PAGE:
Photo by E. Rachel Thompson
The phrase, “what’s good for the goose is good for the gander” has several meanings and one of those can be interpreted as, what is works for one person will work for everyone. During my journey, I had a one of these experiences. My “aha moment” was so profound that I expected everyone could – or even should – have the same kind of enlightened moment.
February 22, 2013, the day to which I fondly refer as my own Independence Day, was when it finally became absolutely clear that shame – the negative things I learned to believe who I was – controlled my life in ways that I never wanted to see. It was actually causing me to make choices which were harmful, hurtful, and even sabotaging my life and now I could no longer look to blame anything or anyone else for those decisions. The insight I gained from this understanding was immediate and I had an overwhelming feeling of FREEDOM! It was one which I wanted all to experience.
However, this zealous approach to my new-found freedom was off-putting to some. There was nothing wrong with wanting others to have their own feeling of freedom and if I could discover how shame controlled my life then certainly they could discover the same. But my passionate attempts were sometimes viewed more as criticism which created walls rather than opening up lines of communication. Through my benevolent ignorance, I ended up alienating those whom I desperately wanted to help.
Sometimes I get the feeling that many coaches, motivators and inspirational speakers use the same theory. They will have a major breakthrough which catapults them onto a successful career path and because it worked for them, then it should work for everyone else as well. On top of that, they’ll trying coming up with some unique way of motivation which causes a reverse effect. Then they cap it off by urging people to never give up and if they do, they’ll be a “loser”.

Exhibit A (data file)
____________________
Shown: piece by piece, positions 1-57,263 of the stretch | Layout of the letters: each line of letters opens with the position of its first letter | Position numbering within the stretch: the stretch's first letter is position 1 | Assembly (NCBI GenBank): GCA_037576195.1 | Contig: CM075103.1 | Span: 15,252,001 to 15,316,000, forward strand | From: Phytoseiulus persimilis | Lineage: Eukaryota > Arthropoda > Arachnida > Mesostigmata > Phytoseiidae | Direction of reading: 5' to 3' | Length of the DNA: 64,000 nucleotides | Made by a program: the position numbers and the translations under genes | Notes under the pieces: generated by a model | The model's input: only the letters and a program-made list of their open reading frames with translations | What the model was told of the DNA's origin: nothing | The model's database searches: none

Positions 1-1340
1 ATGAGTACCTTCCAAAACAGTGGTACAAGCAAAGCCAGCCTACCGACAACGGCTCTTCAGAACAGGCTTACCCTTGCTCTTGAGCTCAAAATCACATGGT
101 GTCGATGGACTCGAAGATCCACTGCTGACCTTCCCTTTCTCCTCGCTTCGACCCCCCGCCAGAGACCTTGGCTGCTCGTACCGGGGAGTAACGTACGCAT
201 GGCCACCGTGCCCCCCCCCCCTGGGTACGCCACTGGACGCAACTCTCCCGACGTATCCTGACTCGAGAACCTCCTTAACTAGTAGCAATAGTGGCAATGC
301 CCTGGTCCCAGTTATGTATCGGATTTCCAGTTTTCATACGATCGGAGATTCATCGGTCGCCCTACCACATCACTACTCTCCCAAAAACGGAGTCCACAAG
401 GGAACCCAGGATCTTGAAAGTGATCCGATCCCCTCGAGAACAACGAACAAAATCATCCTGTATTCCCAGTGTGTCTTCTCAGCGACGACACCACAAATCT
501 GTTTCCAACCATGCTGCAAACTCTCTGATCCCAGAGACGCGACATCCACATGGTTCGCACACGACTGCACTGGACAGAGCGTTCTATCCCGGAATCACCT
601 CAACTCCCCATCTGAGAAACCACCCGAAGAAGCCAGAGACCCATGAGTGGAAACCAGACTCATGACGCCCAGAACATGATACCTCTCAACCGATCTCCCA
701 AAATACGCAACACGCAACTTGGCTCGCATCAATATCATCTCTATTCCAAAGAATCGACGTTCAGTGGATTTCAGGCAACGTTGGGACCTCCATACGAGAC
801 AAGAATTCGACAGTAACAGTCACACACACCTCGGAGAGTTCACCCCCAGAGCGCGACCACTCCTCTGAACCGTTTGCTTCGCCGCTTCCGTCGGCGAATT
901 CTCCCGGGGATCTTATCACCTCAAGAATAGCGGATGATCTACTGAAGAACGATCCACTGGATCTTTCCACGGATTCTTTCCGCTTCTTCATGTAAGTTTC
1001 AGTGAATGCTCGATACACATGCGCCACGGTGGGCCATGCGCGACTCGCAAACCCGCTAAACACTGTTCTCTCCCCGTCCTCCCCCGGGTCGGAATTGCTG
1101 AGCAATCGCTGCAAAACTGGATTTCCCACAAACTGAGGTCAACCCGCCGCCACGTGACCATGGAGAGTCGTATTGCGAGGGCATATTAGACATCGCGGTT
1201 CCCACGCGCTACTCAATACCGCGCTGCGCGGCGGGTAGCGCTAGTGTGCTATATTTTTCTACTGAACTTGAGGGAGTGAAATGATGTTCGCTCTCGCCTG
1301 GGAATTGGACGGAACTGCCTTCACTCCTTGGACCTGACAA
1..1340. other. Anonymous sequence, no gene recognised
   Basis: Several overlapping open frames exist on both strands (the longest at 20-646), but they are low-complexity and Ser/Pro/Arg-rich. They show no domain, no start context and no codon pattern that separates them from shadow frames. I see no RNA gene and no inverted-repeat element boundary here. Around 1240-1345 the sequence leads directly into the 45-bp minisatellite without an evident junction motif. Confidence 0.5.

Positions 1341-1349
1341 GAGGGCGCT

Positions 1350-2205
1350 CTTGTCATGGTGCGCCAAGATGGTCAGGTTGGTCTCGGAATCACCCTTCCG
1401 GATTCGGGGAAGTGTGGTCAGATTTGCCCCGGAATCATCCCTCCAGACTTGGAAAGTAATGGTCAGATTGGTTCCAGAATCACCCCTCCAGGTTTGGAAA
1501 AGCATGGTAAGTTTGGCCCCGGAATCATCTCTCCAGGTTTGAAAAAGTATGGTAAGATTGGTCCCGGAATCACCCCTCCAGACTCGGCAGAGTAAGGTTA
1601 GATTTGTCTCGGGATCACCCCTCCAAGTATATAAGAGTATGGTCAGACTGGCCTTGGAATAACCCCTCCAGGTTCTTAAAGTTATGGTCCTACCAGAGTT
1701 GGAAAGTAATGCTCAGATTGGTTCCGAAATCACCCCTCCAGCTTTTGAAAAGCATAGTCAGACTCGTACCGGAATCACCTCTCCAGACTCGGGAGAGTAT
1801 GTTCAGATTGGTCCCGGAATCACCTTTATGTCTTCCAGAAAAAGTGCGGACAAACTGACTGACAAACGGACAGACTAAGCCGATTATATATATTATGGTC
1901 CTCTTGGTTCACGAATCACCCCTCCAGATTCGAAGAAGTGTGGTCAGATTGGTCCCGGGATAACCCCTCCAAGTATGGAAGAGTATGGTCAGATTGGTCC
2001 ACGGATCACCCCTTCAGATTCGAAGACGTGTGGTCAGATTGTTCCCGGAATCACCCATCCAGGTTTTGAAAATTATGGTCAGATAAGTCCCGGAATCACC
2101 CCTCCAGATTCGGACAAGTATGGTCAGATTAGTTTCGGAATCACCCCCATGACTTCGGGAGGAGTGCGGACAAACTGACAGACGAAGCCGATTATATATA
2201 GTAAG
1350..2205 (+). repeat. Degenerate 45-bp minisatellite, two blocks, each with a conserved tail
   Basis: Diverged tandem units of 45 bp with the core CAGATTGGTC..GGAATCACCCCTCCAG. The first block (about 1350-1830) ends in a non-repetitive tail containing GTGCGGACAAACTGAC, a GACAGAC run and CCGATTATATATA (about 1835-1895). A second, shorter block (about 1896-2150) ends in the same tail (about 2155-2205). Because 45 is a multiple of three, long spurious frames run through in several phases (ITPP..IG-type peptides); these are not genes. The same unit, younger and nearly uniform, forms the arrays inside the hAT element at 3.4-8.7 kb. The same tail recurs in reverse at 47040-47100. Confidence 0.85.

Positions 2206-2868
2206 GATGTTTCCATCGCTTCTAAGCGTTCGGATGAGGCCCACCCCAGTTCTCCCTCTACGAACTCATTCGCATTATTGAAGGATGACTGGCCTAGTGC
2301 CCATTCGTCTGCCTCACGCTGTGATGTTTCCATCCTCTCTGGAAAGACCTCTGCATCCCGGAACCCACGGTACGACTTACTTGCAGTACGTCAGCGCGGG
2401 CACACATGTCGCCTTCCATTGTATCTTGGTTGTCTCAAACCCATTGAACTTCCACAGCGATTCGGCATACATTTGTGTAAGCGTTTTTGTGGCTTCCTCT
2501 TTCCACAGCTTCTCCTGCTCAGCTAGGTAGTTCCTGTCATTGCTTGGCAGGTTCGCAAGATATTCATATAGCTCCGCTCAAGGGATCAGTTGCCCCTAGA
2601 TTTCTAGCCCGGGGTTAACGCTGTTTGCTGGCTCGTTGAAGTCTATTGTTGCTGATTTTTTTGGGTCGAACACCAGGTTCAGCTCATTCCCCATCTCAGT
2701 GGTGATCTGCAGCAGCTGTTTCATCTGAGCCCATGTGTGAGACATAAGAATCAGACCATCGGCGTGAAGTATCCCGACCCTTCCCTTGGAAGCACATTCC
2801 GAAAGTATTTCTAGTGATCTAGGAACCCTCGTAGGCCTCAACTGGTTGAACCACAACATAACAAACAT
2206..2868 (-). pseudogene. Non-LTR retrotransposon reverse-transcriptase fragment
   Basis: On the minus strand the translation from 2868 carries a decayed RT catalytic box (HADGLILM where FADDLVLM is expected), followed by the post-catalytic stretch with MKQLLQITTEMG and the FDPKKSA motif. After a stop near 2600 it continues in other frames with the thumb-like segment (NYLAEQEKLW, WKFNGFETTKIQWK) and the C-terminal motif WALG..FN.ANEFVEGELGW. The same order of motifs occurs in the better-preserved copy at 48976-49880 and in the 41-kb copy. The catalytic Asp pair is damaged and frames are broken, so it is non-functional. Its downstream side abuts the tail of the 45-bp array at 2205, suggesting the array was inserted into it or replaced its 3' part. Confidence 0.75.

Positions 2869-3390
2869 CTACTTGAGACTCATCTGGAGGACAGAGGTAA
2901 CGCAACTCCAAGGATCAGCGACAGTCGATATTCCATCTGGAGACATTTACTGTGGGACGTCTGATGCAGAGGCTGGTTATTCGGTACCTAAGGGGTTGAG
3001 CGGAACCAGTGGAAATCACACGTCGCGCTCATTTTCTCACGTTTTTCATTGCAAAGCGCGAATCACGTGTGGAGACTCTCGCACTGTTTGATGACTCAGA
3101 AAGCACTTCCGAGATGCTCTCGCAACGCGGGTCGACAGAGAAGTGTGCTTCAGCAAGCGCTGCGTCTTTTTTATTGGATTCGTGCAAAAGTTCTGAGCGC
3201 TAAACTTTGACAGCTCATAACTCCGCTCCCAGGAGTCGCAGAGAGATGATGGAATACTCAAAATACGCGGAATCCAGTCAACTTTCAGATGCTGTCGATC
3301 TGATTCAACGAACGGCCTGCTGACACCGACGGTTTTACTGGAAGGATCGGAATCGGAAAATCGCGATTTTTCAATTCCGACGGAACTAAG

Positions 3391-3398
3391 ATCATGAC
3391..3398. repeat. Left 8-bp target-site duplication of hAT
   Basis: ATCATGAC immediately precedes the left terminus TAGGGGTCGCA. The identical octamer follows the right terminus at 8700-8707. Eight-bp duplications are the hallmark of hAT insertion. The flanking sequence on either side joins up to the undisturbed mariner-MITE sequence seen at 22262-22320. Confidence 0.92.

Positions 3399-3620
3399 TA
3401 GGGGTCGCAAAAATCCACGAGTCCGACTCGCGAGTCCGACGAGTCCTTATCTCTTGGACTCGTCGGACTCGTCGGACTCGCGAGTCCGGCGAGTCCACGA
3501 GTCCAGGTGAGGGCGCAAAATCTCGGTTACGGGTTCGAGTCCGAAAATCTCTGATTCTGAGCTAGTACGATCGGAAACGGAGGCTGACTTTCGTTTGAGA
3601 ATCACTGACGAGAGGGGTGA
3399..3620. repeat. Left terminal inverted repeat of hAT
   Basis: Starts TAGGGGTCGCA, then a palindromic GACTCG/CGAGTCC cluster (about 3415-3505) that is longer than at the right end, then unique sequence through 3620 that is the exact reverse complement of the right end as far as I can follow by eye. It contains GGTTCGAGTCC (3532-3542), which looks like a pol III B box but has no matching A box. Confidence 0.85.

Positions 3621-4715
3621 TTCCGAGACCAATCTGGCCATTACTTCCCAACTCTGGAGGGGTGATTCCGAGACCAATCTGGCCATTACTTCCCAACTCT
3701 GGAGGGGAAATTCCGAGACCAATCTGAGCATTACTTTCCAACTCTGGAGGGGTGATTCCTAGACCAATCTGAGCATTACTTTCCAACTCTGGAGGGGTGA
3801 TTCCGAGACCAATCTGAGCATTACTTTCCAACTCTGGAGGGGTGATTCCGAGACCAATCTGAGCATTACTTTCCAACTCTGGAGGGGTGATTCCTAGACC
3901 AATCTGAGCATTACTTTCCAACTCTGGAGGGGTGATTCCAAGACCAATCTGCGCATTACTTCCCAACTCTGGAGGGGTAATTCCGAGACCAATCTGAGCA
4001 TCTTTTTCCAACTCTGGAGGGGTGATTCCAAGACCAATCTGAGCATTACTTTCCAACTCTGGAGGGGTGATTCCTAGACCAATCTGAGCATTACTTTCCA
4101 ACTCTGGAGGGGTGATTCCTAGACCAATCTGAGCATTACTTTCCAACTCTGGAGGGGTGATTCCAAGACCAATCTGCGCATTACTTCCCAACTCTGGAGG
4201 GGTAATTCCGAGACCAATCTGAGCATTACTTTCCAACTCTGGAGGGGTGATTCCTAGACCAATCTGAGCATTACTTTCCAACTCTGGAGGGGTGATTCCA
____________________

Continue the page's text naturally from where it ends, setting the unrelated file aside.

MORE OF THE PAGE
While there is much benefit to be had from teachers, mentors, and coaches, we cannot simply mirror what they did and expect the same results. The story of actor Duane “The Rock” Johnson is certainly an inspirational one but we all can’t quit our jobs and focus on becoming a professional wrestler then parlaying that into an acting career. Retired shortstop Derek Jeter was a once-in-a-generation athlete. His hard work and dedication made him one of the most recognizable athletes of his time. But if we were all as nearly talented as he, no one would have paid to go see him. One of the biggest names in motivational speaking is Tony Robbins. He has influenced and created new paths of opportunities for thousands of people. No doubt he is the benchmark for many life coaches but if we were all as inspiring as he, no one would feel the need to come to our seminars.
So what is the answer? Where is the mix between inspiration, “hype”, and even sometimes anti-motivation? Share your thoughts in the comments and in the next post, I’ll continue with mine. In the meantime, when you see a post that includes an inspirational quote, don’t just accept it at face value. Think about it what it’s saying and how it is useful in your own life. Accepting everything you hear, even from those who have stellar reputations, might be the gander accepting what’s good for the goose.
Thanks again to E. Rachel Thompson for the beautiful picture. Find her on LinkedIn by clicking her name. I look forward to your comments.